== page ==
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California schools abusing Prop. 28 education funding, proposition author says


(The Center Square) – Proposition 28 was passed by voters in 2022 to divert approximately $1 billion in education funding each year towards supplementing existing arts funding and hiring new arts teachers, but that may not be happening.

Austin Beutner Prop. 28 author and former superintendent Los Angeles Unified School District — the largest school district in the state — alleges schools are instead using Prop. 28 funding on existing programs, thus freeing up resources to use elsewhere.

“It has come to our attention … that some school districts in California are willfully violating the law by using the new funds provided by Prop 28 to replace existing spending for arts education at schools,” wrote Beutner and a coalition including the state’s teachers’ unions. “The practical effect of this will be to significantly reduce the additional, annual investment of approximately $1 billion for arts education approved by voters. Instead of hiring about 15,000 additional teachers and aides, the funds would instead be used to pay for existing programs.”

Prop. 28 was approved by 65% of voters. Before the proposition’s passage, approximately one in five California public schools had a full-time arts or music teacher. Notably, not even the California Republican Party opposed the measure.

While no formal opposition emerged to Prop. 28, Lance Christensen, California Policy Center Vice President of Government Affairs and then-candidate for State Superintendent who lost in the general election, opposed the measure and said during 2022 that it was clear schools would abuse and shift the proposition’s funding, a position he repeated in an interview with The Center Square.

“I find it interesting [Beutner] didn’t see this coming after being superintendent of the largest school district in California,” Christensen said. “The legislature will always play games with money, especially when they have budget shortfalls, and Proposition 28 is not different. And I think the bigger challenge they have to reconcile over the next few years is if these budget problems persist, you have to fire a bunch of Proposition 98 teachers but keep the Proposition 28 teachers — that’s going to cause a lot of problems within the school districts.”

The proposition required schools to use the allocated Prop 98. money to “primarily hire new arts staff.” Prop. 98, passed in 1988, created minimum funding levels for K-14 and comes from a combination of property taxes and state general fund revenue — typical Prop. 98 funding comes out to approximately $100 billion per year and is projected to be $110 billion in the 2024-2025 fiscal year. Due to declines in state revenue, Prop. 98 funding is expected to drop significantly over earlier projections.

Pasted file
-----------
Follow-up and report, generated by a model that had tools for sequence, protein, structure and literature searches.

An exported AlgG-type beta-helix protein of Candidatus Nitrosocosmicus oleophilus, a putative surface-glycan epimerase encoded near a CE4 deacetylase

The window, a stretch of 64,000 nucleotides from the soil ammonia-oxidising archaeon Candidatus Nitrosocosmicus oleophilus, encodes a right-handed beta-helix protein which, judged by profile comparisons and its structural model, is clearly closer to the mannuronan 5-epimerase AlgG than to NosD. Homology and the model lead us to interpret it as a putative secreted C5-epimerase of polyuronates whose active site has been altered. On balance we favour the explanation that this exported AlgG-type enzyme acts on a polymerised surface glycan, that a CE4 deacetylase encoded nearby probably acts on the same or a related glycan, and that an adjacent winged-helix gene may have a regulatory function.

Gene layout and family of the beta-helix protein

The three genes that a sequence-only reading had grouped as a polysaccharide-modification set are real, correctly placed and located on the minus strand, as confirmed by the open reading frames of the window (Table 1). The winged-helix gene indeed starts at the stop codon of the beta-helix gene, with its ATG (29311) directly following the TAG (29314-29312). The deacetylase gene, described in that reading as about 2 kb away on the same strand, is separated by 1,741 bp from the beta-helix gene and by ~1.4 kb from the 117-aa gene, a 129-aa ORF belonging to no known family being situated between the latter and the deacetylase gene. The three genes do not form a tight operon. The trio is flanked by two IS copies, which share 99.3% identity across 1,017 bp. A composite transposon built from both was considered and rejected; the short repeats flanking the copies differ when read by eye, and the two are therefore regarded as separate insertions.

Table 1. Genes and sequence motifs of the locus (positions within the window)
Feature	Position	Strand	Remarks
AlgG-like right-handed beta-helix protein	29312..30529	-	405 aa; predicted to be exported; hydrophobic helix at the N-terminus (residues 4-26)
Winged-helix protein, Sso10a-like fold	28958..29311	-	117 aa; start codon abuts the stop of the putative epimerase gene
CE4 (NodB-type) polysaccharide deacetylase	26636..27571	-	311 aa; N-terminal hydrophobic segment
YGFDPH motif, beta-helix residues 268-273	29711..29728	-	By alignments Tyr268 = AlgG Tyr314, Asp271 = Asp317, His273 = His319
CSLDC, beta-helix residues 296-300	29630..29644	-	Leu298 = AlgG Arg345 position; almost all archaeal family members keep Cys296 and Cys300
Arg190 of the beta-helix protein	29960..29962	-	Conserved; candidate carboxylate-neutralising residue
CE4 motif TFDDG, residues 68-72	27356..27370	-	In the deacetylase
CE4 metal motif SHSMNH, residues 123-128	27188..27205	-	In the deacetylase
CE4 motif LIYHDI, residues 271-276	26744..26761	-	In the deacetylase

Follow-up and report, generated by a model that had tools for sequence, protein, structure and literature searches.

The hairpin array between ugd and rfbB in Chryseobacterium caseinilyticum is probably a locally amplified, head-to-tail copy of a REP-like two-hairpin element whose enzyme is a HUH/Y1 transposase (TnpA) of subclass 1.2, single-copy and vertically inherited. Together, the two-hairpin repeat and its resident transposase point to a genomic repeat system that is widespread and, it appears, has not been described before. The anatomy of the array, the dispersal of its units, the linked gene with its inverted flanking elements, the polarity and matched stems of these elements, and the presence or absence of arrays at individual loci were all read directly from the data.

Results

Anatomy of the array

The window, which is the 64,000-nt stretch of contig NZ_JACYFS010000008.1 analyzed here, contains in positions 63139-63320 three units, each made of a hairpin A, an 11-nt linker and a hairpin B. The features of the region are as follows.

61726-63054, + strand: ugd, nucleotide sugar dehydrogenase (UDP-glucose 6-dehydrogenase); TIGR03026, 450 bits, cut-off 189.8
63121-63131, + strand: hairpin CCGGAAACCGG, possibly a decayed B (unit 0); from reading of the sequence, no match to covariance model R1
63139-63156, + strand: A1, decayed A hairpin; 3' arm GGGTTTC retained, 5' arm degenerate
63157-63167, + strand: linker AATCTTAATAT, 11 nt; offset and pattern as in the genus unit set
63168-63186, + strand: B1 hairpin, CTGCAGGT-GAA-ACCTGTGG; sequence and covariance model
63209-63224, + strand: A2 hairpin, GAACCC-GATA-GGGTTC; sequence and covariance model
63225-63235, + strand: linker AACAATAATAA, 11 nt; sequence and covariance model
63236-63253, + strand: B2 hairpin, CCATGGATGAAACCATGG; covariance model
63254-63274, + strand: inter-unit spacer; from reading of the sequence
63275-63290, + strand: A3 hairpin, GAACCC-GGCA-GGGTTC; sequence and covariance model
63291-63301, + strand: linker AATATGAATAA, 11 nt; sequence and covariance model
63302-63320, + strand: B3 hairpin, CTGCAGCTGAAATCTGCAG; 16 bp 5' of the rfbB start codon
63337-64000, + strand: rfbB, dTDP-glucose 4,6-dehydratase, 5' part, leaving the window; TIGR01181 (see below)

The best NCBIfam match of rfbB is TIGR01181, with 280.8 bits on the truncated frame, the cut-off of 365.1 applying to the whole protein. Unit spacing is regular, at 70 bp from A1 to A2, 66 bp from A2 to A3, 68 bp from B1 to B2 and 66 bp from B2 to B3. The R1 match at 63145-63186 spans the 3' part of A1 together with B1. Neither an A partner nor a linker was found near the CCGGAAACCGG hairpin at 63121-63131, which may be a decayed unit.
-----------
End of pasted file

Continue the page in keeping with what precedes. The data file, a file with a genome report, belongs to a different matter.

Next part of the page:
Prop. 28 required funding for arts and music education to be at least 1% of the funding received by schools the prior year via Prop. 98, and thus was an act to allocate existing funding, not create new funding. With schools facing budget pressures from declining attendance — Prop. 98 funding is predicated on average attendance, and the gap between students enrolled and average attendance is growing — districts could be seeking to plug financial holes from combined declines in average attendance and Prop. 98 overall funding by shifting Prop. 28 funding to cover not just existing arts programs, but general operations overall.

As a remedy, Beutner and the union coalition suggest, “If any school district is found to have violated the law by improperly using Prop 28 funds, they should be required to return the amount to the state within 30 days. The returned funds can be provided to other school districts which are in compliance with the law.”

Given the letter’s support from some of the state’s largest unions — including the California Teachers Association, the Service Employees International Union, and the Teamsters — and the fact that 2024 is an election year, the governor, state superintendent, and legislature will feel pressure to take action.